English folks started decorating their trees in 1841, after Prince Albert arranged for a Christmas tree in Windsor Castle to be strewn with lights, as a gift to Queen Victoria and their children.  This carried out a long time tradition that Prince Albert adopted from Germany.  Precisely a century later, relations between the two nations would not be so cordial, but celebrating Christmas in England still involves decorating a tree.
   When they celebrate Christmas in England, they don't have Santa Claus.  In England he is called Father Christmas.  The kids can hang their stocking on the fireplace, but they also have the option instead of placing their stocking at the ends of their beds.  The "end of the bed" alternative should eliminate concerns about Father Christmas, like Santa, coming down the chimney into a roaring fire.  But wait!  There also is a legend that if British children write letters to Father Christmas and toss them into the fireplace, somehow their messages will turn into smoke that wafts up the chimney and carries directly to Father Christmas.


   The English Christmas is traditionally celebrated with an early morning unwrapping of presents, followed by a Christmas lunch.  Some typical menu items for an English Christmas lunch include a roasted turkey, gravy, roasted potatoes, cranberry sauce, Brussels sprouts, and root vegetables,  such as parsnips and carrots. For dessert it's usually  a Christmas cake (fruit cake, often made with brandy, marzipan and white icing).  The Christmas cake is often made a couple of months in advance to give it time to age.  the flavours blend together for a rich, moist taste.  Another traditional dessert is the Christmas pudding.  It is made with dried fruits which are pressed into a bowl to create a round shape. The Christmas pudding is topped with brandy and lit so that a flame appears momentarily before it is served.  For safety sake, this dessert should only be prepared by someone knowledgeable and experienced with preparing it.  Finally, traditional treats of an English Christmas are mince pies.  They are made of a sweet blend of fruits and spices which are used to fill a small pastry crust.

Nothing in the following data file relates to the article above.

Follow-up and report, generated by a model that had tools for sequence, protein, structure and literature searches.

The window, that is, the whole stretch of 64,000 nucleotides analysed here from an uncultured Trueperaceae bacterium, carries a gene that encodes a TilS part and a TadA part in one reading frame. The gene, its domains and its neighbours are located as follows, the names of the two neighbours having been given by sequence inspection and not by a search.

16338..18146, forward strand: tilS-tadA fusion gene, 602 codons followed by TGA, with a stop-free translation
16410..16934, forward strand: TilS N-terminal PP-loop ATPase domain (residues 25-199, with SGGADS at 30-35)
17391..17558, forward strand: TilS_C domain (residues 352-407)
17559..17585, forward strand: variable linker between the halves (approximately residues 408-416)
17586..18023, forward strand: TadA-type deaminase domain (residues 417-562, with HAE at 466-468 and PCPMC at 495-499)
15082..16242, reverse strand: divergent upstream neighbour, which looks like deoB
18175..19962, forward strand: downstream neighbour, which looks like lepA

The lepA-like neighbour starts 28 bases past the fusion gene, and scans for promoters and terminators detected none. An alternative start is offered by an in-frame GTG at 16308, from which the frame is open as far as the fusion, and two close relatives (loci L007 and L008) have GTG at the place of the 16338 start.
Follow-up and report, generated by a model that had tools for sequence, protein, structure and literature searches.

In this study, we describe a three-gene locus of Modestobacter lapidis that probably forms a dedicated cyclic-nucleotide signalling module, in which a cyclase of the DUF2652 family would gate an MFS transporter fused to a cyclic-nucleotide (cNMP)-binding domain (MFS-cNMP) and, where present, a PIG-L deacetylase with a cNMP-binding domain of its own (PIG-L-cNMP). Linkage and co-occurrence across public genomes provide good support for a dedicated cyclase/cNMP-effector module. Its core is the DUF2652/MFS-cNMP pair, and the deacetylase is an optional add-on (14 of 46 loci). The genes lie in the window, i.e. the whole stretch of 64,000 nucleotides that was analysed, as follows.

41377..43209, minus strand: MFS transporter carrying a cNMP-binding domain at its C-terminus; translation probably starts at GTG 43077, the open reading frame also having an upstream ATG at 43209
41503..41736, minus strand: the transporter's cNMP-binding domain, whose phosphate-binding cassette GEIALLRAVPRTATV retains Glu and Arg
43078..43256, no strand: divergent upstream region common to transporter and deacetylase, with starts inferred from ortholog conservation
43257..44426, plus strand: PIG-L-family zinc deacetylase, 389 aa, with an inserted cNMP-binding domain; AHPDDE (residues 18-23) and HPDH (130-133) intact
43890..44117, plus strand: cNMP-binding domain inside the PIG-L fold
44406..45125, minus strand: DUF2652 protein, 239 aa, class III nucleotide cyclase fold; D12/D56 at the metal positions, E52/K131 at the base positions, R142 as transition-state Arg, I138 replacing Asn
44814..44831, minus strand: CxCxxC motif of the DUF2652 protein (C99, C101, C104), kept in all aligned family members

A unique aspect of celebrating Christmas in England is the Christmas cracker.  These small wrapped toys are placed on the Christmas table before lunch.  When pulled apart, they make a loud "pop" sound-hence the name Christmas cracker.  Inside,  there is usually a paper crown and some type of toy or gadget. Everyone puts on their paper crown to enjoy the Christmas lunch.

   An idea for celebrating Christmas in England,  is to book reservations at a pub or restaurant.  Many English pubs and restaurants provide a special meal at Christmas or Christmas Eve.  However, book well in advance, because it's a popular option.
   Many British families take a vacation during the Christmas holidays in England.  Hotels and Bed and Breakfasts tend to get booked up quickly, so plan ahead.
   Celebrating Christmas in England  means many days of celebrations.  Boxing Day, the day after Christmas, is also one of the holidays that are celebrated.  Families might enjoy a meal together or enjoy a walk by the seaside.
   Celebrating Christmas in England is a fun way to learn about different traditions.  Just keep in mind that most businesses are closed for the holiday so buy any supplies you need well in advance for your English Christmas.


    Christmas movies come in a variety of genres.  From musicals, to drama, comedy to animated.  Here is a list of what I think and hopefully you will to, of some of  the better  Christmas movies to  watch and enjoy every Christmas season. Some are entertaining and meaningful, while others are just fun to watch and bring a big laugh out of you and puts a great big smile on your face.   Just by looking at the movie DVD covers,  you start reminiscing about your favorite parts  and what the movie meant to you and how it made you feel.  opping it into the DVD player with all of the excitement,  just as if it were first time you've seen it.